I first remember seeing Glaser Stencil being used on the cover of Phaidon’s Design Classics series – the chunkiest, quirkiest set of numerals you’ve ever seen. Now HypeForType has released the font in a set of lighter weights that will surely be much more versatile.
Glaser Stencil was designed by the world renowned American illustrator and graphic designer, Milton Glaser. Originally it featured on a Camegie Hall poster by Glaser in 1967. The bold weight was digitalised by many, however the forgotten lighter weights have never been digitalised until now. In agreement with Milton Glaser himself, Glaser Stencil has been officially brought back to life by Rick Banks at Face37, and is sold exclusively at HypeForType. Glaser Stencil is an all caps font available in four weights: Extra Light, Light, Medium, and Demi.
I’m guessing we’ll see these being used in a lot of restaurant branding. Snag it for yourself by clicking here.
Kimberly Harrington gets downright shady with this new piece in McSweeney’s titled, “Welcome to our design studio, where you’ll never see the light of day but you can bring your dog.” I’ve never personally worked in a design studio but this a great bit of satire which certainly hits on some (perceived) painful truths, especially for someone working as a social media manager.
Just a quick word on our creatives. You’ll notice that several of the designers have stacks and stacks of design books and publications on their desks, their Paul Rands, their Vignellis, and so on. This is great to capture. It makes the designers feel good because it allows them to think that one day they’ll also design an airline logo or redesign a subway wayfinding system or create timeless animated movie credits when in fact we all know that they’ll mostly be creating shitty animations in Keynote that only sales managers in the Midwest will see, and more importantly, not even give half a fuck about.
Join the School of Visual Arts from July 6—31st for the second year of a new summer residency program, “Typography as Language!”
Design a typeface and use it in a project of your choosing in any media—on screen or on paper. Each student will have 24-hour access to the Type as Language studio in New York’s Chelsea district and the opportunity to study closely with renowned type designers Tobias Frere-Jones, James Montalbano, and Daniel Rhatigan. A stellar roster of guest lecturers plus visits to Louise Fili’s world-famous design studio and a letterpress facility, round out the program. “Type as Language” is built around four interrelated one-week modules, covering technical, theoretical, historical, and practical studies. We welcome applications from students and working professionals across all design disciplines.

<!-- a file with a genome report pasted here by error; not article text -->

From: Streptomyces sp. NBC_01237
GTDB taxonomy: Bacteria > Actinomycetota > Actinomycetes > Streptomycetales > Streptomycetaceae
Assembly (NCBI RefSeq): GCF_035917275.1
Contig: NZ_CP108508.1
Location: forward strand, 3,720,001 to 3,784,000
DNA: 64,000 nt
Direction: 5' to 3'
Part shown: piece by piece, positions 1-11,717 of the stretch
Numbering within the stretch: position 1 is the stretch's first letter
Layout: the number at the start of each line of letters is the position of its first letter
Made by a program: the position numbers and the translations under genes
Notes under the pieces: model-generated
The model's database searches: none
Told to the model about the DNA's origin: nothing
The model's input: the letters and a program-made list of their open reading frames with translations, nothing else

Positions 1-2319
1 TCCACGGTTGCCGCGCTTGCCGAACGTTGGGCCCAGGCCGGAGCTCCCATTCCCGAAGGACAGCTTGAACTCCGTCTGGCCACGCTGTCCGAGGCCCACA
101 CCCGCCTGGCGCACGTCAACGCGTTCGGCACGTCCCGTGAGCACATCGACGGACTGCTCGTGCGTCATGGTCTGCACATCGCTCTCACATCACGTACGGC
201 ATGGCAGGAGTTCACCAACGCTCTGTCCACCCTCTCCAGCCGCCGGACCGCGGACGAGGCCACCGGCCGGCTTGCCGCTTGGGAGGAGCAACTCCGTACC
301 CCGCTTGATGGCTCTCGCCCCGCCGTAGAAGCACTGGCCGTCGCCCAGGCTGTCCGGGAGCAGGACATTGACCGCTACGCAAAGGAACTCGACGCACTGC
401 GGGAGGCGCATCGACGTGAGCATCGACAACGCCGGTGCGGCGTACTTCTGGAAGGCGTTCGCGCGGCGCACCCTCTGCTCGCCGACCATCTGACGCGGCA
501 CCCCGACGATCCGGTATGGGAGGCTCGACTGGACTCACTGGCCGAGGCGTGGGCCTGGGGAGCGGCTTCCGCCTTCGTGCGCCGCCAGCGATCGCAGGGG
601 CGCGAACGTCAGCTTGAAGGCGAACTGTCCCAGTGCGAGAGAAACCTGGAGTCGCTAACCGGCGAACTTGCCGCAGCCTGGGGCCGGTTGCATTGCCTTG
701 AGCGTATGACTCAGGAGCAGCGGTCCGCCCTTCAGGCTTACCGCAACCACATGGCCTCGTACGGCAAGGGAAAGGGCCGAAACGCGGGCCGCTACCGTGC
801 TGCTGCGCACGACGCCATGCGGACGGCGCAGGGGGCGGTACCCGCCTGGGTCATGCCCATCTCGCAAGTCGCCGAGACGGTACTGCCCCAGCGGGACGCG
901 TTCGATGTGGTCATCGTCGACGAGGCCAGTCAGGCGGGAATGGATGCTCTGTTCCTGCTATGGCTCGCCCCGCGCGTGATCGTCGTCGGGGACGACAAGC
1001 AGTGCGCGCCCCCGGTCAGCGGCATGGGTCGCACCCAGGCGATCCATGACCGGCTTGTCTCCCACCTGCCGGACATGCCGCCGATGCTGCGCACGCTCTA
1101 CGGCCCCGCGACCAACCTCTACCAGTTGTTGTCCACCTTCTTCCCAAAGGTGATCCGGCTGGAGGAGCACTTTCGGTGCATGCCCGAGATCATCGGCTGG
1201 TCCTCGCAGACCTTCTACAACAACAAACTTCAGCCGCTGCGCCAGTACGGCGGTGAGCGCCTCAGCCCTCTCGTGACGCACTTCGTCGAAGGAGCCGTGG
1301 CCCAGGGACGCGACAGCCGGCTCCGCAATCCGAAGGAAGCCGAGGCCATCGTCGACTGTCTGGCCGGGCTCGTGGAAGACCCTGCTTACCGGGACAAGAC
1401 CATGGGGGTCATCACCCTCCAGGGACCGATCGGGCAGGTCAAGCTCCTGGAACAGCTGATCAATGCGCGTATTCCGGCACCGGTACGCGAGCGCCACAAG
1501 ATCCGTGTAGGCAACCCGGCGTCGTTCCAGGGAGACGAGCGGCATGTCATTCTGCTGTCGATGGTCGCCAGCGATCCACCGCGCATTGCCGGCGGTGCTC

For more information and details on how to apply, visit sva.edu/residency/typography. @SVATypeLab facebook.com/TypeAsLanguage
Maximilian Heitsch is a Munich-based creative working in the fields of art, graphic design and cultural events. He focuses on the interaction of space, movement and simplicity. The effect is a body of work that reflects the ideas and practices of artists like Ellsworth Kelly and Frank Stella. I’m a fan of the tension that’s created between the intersections of the shapes, how the brain creates meaning in the abstract.
When I think of the word “pavilion” I imagine standard 2×4 pieces of lumber slated together to make the most mundane of barbecue shelters. Architect Marc Fornes and his firm THEVERYMAN has succeeding in creating the opposite, a brightly colored shelter made from aluminum shingles that together create an amorphous blog that looks like it’s ready to slither across the land, titling it the Vaulted Willow. These are the objects I’d love to see popping up in more places, a thoughtful piece of architecture that tries to incorporate organic and natural forms.
Taipei based photographer Sydney Sie sees the world very differently from you or I. She describes her own work succinctly, stating, “I want my works to be bright but eerie, and include aspects of graphic that particularly interest my such as colour. I like to capture surreal moments, but those moments or atmospheres I created through different analogue and, or digital approaches.”
Look through more of Sydney’s work on her portfolio site.
Designer Tsuyoshi Kawara has found a creative re-use for discarded Japanese roof tiles, utilizing them as the seat of his Kawara Chair. Using a wooden frame as the base Kawara has found a way to highlight the beauty and individuality of the tiles as they come in a multitude of glazes. And though a seat made of tile may seem precarious, Japanese roof tiles are fired at 1200 degrees celsius, much higher than the 800 degree temperature of European tiles, meaning that they can hold the weight of a person up to 250 lbs.
I love that the design is centered around a discarded object that already has an inherent beauty. Kawara smartly developed a solution for an object that was being discarded simply because it wasn’t perfect enough.
You can learn more about the Kawara Chair by visiting Domus.
There’s something I love about redesign concepts when they relate to foods and drinks. We see so many of these products day in, day out that to see them in a new light fascinates me. Kara Haupt has created something that perhaps defies “redesign” and approaching the “reinvention” space, creating a new concept from something familiar. In my mind this looks like it would be an aged, super premium version of Jäger that you take shots of on your yacht. Plus, “old man Jäger” has a really nice ring to it.
You can see her full concept by clicking here.